In many countries, the military nowadays promotes itself as an “equal opportunities employer”, open to women, queers, and immigrants. But what is the reality of women or queer people in the military? Do women or queer people in the military make it a less patriarchal institution?
The workshop will focus on an exchange among participants, using a range of tools.
Recruitment of immigrants and low income youth
(Facilitator: David Gee)
Resistance in educational settings
(Facilitator: Kai-Uwe Dosch and Sarah Roßa)
In our workshop we want to exchange the experiences of the participants with resisting militarisation in the field of education, using creative facilitation tools. In addition, we want to collect new ideas, and develop how we can resist the continuing militarisation of education.
In doing so, we will discuss questions such as: what role does the participation of peace movement activists in educational institutions play for the chance of criticising the military in education? Is it at all possible to completely demilitarise education? On what levels can resistance be successful: at the level of school administrations, individual schools, or of the students themselves? What forms of resistance appear to be possible?
(Facilitators: Hanns Molander and Cattis Laska, Ofog)
In this workshop we will share experiences, ideas and strategies in relation to how assumptions and prejudices about gender/sex and sexuality are used in recruitment campaigns and war/defense politics.
- What can we do when the military hijacks words and struggles that should be about human rights (for example lgbt-struggle or words like 'democracy', 'security' and 'peace')?
- How can we integrate the struggle against heterosexism in the work against military recruitment, and in antimilitarist work in general?
- What strategies and methods can we use to reach out to groups at risk of being recruited to the military?
(Facilitator: Kelly Dougherty)
Veterans and military service members bring unique perspectives and important experiences and knowledge to organizing work aimed at countering war and militarism. Many men and women who have been militarized and taken an active part in war have been radicalized by the experience and can become powerful activists. Having a network of non-military allies to support, work and learn with is essential for veterans and service members who are organizing around issues of militarism. Many times, however, this is difficult. Civilians often don’t know how to approach military people and veterans often find it difficult to relate to people who are detached from the realities of war and military service.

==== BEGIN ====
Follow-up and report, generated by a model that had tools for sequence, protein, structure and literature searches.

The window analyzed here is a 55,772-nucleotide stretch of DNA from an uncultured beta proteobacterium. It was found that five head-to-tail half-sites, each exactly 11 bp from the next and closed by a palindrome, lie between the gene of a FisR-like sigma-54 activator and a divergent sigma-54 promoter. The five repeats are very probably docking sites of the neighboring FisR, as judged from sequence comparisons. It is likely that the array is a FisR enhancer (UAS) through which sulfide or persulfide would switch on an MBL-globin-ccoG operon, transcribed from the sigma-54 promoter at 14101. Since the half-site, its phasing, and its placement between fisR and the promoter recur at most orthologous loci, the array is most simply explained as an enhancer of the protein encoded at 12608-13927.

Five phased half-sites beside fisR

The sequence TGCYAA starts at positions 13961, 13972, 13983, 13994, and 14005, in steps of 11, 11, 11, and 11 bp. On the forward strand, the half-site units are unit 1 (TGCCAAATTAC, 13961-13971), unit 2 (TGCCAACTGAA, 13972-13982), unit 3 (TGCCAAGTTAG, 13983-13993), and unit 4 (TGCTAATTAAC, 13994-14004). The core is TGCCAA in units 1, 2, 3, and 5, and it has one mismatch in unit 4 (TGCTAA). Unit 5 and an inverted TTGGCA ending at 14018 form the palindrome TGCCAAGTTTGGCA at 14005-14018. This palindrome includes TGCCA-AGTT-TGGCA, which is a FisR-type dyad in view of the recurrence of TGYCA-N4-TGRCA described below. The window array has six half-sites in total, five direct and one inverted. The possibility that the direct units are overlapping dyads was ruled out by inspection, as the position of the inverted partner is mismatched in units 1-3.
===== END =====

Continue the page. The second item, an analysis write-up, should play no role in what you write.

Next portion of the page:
Over the years, Iraq Veterans Against the War has struggled with finding our place in the larger anti-war movement and with how to work effectively with non-military allies. Currently, IVAW works closely with the Civilian Soldier Alliance, an organization that works directly with vets and service members to build a GI resistance movement aimed at a just foreign policy. IVAW’s strategy is to organize the veteran and military community to withdraw its support from wars and the systems that perpetuate them. IVAW and CivSol engage this strategy in our current campaign, Operation Recovery. Op Rec aims to win the right to heal from military trauma for service members and vets and to empower service members to challenge the military culture that fosters trauma and dehumanization. I will talk about the importance of encouraging vets and military personnel to become leaders in the struggle against war and militarism, potential challenges and barriers that may exist and how IVAW’s organizing work has developed over the past eight years.
Direct action against the militarisation of youth
(Facilitator: Cecil Arndt)
In different countries, the militarisation of youth follows different strategies, takes on different forms and develops differently: This applies to the normalisation of war and military presence as well as to concrete recruitment activities. Similarly different, but often much more imaginative and inspiring are the various actions with which antimilitarist groups counter those developments. In this workshop, we want to take a look at the various strategies and forms of direct action taken against the militarisation of youth in different countries and at different levels. It will be important to take into account the various conditions of and for political struggles and direct action that may differ broadly on an international as well as an individual scale. Therefore we want to look for ways of relating to one another, of expressing and exercising solidarity and of supporting one another across and beyond country borders and political factions.
By exchanging our experiences, strategies and ideas, we can inspire and learn from one another. In doing so, we can develop novel and manifold ideas for direct action and interventions as necessary complements to appeals and parliamentary politics.
(Facilitators: Ralf Willinger, Helen Kearney, Geneva)
After a brief introduction on child rights, the existing monitoring and reporting mechanisms, and an example how to use those (based on the German Shadow Report Child Soldiers), participants will exchange their experiences, ranging from using child rights to resistance by youth/children themselves.